Richard Downie, Deputy Director and Fellow of the Africa Program at the Center for Strategic and International Studies (CSIS) in Washington D.C. proposed in an interview that the best approach is to “do your best to come out with [a] clear, concise balance…having maximum impact while also protecting the truth of what is actually happening and making sure you are not misleading people.” CSIS a non-profit organization that “provides strategic insights and bipartisan policy solutions to decision makers in government, international institutions, the private sector, and civil society.”

A "mashup" of images an individual made "after reading about the Conflict Minerals used by Nokia, Apple, Intel and many others. Which feeds the current conflict in the Congo and makes use of gang rape as a weapon in this conflict." Photo and Caption Courtesy of Daniel Crompton / Flickr Creative Commons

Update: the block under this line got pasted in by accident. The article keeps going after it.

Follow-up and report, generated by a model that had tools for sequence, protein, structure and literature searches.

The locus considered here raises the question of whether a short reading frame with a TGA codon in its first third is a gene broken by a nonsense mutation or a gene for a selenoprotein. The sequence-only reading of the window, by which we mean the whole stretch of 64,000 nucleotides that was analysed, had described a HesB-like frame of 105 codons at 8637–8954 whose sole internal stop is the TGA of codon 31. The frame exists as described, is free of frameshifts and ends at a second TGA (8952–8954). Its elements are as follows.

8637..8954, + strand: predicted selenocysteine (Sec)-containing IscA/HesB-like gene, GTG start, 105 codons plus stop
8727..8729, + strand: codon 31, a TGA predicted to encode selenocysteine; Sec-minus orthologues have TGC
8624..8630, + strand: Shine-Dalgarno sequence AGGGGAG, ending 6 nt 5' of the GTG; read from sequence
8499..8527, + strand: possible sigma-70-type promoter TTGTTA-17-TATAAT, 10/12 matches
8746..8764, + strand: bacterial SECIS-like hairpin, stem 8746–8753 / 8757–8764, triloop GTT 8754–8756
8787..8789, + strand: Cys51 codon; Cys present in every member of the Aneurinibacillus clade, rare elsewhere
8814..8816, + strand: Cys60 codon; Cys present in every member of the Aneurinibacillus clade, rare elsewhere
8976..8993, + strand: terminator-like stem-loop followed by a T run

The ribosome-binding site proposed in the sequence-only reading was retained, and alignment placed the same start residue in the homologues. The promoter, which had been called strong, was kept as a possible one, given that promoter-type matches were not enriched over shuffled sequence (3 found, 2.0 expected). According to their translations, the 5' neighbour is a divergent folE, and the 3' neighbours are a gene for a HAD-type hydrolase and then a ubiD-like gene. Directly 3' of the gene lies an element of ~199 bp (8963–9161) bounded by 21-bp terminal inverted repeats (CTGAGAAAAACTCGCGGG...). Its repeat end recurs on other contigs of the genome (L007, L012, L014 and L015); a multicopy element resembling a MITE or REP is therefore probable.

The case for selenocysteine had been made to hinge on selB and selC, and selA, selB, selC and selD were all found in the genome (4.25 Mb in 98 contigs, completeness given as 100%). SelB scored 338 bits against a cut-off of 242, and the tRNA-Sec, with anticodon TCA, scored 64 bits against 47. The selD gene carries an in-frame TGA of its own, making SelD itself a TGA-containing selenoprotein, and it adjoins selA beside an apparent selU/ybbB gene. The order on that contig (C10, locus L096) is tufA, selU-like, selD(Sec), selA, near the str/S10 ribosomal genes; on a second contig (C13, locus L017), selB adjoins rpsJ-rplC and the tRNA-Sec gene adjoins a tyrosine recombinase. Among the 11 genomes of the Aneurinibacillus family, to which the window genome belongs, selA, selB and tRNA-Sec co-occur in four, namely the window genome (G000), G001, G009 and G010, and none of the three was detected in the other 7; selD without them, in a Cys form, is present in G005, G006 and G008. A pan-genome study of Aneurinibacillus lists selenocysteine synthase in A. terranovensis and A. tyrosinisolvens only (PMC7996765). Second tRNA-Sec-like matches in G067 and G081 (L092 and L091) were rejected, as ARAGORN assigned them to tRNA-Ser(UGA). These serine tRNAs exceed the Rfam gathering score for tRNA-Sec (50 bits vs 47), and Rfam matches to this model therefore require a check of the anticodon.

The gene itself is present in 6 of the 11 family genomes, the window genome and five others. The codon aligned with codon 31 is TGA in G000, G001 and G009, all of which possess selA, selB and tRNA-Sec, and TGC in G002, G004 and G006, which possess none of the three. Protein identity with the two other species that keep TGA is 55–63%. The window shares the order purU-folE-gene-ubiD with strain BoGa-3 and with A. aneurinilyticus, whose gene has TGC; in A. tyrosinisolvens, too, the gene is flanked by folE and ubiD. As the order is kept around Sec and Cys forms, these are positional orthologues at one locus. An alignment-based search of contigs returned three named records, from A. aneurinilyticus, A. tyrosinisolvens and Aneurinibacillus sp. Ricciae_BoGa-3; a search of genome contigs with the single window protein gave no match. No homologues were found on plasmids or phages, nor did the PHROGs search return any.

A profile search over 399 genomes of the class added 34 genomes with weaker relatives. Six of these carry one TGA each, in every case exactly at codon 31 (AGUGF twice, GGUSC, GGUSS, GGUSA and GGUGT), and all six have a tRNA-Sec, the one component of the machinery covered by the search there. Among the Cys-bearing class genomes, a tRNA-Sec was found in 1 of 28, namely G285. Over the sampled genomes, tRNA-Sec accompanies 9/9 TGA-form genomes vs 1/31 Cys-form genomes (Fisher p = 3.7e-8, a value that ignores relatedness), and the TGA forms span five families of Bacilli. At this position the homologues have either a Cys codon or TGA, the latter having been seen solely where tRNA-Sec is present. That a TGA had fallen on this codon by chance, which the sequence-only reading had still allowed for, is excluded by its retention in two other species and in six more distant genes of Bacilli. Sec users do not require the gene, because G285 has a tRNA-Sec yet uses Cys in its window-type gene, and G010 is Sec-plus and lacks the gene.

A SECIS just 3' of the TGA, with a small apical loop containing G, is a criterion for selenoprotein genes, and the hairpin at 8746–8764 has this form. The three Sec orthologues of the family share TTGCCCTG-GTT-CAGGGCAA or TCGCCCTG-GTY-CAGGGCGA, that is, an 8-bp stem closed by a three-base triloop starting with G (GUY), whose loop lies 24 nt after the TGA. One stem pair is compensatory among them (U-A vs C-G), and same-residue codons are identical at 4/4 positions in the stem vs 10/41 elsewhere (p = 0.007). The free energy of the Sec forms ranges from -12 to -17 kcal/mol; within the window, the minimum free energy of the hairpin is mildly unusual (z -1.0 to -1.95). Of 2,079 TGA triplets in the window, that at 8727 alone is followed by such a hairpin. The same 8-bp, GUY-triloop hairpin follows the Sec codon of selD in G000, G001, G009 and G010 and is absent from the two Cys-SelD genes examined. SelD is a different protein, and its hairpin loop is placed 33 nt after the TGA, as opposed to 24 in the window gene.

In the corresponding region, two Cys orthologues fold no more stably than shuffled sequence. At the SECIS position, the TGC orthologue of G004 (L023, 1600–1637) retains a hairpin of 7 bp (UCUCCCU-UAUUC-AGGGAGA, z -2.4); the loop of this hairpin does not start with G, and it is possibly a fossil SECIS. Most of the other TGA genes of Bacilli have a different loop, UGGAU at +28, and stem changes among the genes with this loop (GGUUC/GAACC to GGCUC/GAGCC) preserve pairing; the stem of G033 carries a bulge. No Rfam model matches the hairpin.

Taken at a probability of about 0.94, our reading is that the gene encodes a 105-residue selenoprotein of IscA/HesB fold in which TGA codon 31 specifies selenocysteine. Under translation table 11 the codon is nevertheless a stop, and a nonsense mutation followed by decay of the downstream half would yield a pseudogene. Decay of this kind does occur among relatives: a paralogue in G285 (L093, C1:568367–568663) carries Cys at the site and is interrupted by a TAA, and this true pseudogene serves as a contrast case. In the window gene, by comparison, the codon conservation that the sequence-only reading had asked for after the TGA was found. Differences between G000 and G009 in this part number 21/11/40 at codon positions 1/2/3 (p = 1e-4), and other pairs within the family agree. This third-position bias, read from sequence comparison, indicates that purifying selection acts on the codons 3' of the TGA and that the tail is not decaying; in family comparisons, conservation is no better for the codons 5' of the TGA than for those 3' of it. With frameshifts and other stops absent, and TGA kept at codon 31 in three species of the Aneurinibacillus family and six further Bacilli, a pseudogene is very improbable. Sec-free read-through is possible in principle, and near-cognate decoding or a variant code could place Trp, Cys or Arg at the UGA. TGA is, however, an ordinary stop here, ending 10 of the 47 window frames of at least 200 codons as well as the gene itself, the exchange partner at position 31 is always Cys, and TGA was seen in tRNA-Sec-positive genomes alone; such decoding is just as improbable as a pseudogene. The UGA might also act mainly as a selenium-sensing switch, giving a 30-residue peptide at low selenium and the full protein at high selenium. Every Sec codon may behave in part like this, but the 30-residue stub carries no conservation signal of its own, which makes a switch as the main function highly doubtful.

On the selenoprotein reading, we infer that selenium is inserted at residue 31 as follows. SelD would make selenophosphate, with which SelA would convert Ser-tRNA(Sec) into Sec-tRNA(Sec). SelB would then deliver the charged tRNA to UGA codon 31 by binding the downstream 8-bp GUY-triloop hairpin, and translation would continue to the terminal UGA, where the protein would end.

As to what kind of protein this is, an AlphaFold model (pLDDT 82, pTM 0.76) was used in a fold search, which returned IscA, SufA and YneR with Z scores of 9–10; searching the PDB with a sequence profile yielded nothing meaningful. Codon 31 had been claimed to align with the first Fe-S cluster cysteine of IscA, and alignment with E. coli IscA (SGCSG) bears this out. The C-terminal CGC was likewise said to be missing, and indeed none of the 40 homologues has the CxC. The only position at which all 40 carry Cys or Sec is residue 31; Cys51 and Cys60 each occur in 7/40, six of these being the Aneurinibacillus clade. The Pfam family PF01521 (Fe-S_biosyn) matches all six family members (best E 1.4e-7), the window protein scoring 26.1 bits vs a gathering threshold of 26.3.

While Downie’s approach appears to be ideal, unfortunately it is often not utilized. For example, one tactic that counters this evenhanded and comprehensive approach is to use extremes to catch attentions. The photo to the right, for example, was created by an individual on Flickr—“almost certainly the best online photo management and sharing application in the world.” This creation combines a violent image of a rape surrounded by the Nokia logo and slogan, thereby seeking to directly connect Nokia’s purchase of conflict minerals to the rapes occurring in the Congo. The use of such a violent image produces a strong and direct message: Nokia products cause rape. As discussed in previous blog posts, such a message is certainly an exaggeration of the truth. Downie commented on polarizing advertising that uses this message saying, “Making a direct link between making phone calls on your mobile phone and impacting the conflict is a gross oversimplification.”